Oral History Interview with
Assistant Director of the Research Division of the Democratic
National Committee for the 1948 Presidential election campaign.
Dr. Johannes Hoeber
September 13, 1966
by Jerry N. Hess
[Notices and Restrictions | Interview
Transcript | Appendicies | List of Subjects Discussed]
This is a transcript of a tape-recorded interview conducted for the Harry
S. Truman Library. A draft of this transcript was edited by the interviewee
but only minor emendations were made; therefore, the reader should remember
that this is essentially a transcript of the spoken, rather than the written
Numbers appearing in square brackets (ex. ) within the transcript indicate the pagination in the original, hardcopy version of the oral history interview .
This oral history transcript may be read, quoted from, cited, and reproduced
for purposes of research. It may not be published in full except by permission
of the Harry S. Truman Library.
Opened December, 1970
Harry S. Truman Library
[Top of the Page | Notices
and Restrictions | Interview Transcript
| Appendicies | List of Subjects Discussed]
Oral History Interview with
Dr. Johannes Hoeber
September 13, 1966
by Jerry N. Hess
HESS: Dr. Hoeber, would you, for the record, give me a little of your
personal background. Where were you born, where were you educated, and
what positions did you hold prior to your service on the Research Division
of the Democratic National Committee in 1948?
HOEBER: I was born in Switzerland and raised and educated in Germany.
I studied economics and political science at several German universities.
I did a year of graduate study in political science under Harold Laski
at the London School of Economics and Political Science in 1926-27, and
then returned to my alma mater, the University of Heidelberg, Germany,
where I obtained my Ph.D. in political science with a thesis on the post-World
War I history of the British Labor Party for which I had gathered the
materials during my year in London, which coincided with the year of the
first Labor government under Ramsay MacDonald. After graduating from Heidelberg
I became director of information and assistant to the mayor of the German
city of Mannheim, where I worked from 1928 to 1933 until the Hitler government
came to power in January, 1933, arrested the entire city government from
the mayor down, including myself. After my release from "protective custody"
in April 1933, I stayed on in Germany for five years as circulation manager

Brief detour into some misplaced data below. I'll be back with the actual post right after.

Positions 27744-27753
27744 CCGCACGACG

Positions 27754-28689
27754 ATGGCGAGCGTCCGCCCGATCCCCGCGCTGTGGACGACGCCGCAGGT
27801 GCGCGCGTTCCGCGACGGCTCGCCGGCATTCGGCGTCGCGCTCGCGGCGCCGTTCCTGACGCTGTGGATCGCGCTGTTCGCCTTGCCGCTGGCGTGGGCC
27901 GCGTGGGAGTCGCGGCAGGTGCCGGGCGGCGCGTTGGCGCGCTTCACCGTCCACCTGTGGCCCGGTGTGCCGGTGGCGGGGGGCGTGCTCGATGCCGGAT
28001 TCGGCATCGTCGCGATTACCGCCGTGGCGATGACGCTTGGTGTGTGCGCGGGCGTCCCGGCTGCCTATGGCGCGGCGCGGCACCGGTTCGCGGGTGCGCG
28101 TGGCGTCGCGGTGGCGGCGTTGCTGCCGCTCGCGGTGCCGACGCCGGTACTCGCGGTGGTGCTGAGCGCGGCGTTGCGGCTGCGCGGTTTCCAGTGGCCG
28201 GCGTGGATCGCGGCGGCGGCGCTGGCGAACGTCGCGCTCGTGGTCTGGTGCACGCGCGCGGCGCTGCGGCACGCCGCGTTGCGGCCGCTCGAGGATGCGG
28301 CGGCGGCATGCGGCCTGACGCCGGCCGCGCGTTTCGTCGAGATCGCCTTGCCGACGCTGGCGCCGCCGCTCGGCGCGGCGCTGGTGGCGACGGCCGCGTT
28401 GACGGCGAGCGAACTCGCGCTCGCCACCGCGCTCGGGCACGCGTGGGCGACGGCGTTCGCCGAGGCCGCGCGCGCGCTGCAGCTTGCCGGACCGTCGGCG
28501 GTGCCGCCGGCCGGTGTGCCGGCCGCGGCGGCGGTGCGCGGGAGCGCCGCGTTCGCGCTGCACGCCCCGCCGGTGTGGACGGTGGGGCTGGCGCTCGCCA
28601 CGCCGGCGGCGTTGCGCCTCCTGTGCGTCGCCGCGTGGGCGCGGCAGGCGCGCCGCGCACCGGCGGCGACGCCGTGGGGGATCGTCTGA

for the Rhineland of Germany's most famous liberal paper, the Frankfurter
Zeitung, which was the only one of two independent papers which survived
for a while as an independent newspaper under the Nazis, until control
got tighter and tighter. At that time, my father taught in the medical
school at the University of Pennsylvania, and so in 1938, my family and
I came to Philadelphia. By one of those fortunate coincidences, I became
part of a group in Philadelphia, very shortly after my arrival, which
was working on a new city charter for the city of Philadelphia. The group
had been looking for somebody who could, from personal experience, advise
on the structure of city government in various European countries, and
I was initially employed as research assistant for the Citizens' Charter
Committee Committee of Philadelphia to prepare a number of position papers
on the manager plan, proportional representation, and the experience European
countries had both with full time professional career mayors and with
the system of proportional representation in government. Via this route
I became very quickly involved in Philadelphia in a broad range of what
you would call, for lack of a better term, independent democratic politics.
And out of the city charter committee developed a strong, independent
reform movement in Philadelphia, which--I'm jumping ahead now by about
fifteen years, which later on formed the nucleus of the reform movement
in Philadelphia which came to power in city hall thirteen years later
when the now U.S. Senator, Joseph Clark, was elected as the first Democratic
reform mayor of Philadelphia in November of 1951. Through this activity
I had become involved originally
in the Philadelphia Citizens' Political
Action Committee over the issue o£ whether the committee would back in
1946 the candidates of the Democratic Party, or whether the committee
would back Henry Wallace's Progressive Party and the candidates which
the Progressive Party was running in the 1946 congressional elections.
The non-Communist liberals succeeded in retaining control of the committee
and thereby throwing the weight of the independent movement behind the
Democratic candidates in Philadelphia. One of the Democratic candidates
in the 1946 congressional elections was William L. Batt, Jr., who was
running for the congressional seat in Pennsylvania's Montgomery County.
This upper income suburban county immediately adjoining Philadelphia to
the north has always been, and still is, a one hundred percent safe Republican
seat. But Bill Batt, who had returned
from the war in, I believe, 1945,
and whose father was a very prominent Philadelphia industrialist, with
a very well-known name and had become active both in the liberal political
movement and very active in the American Veterans Committee decided to
run for Congress in Montgomery County on the Democratic ticket. I met
Bill Batt through the Philadelphia Citizens Committee on Political Action,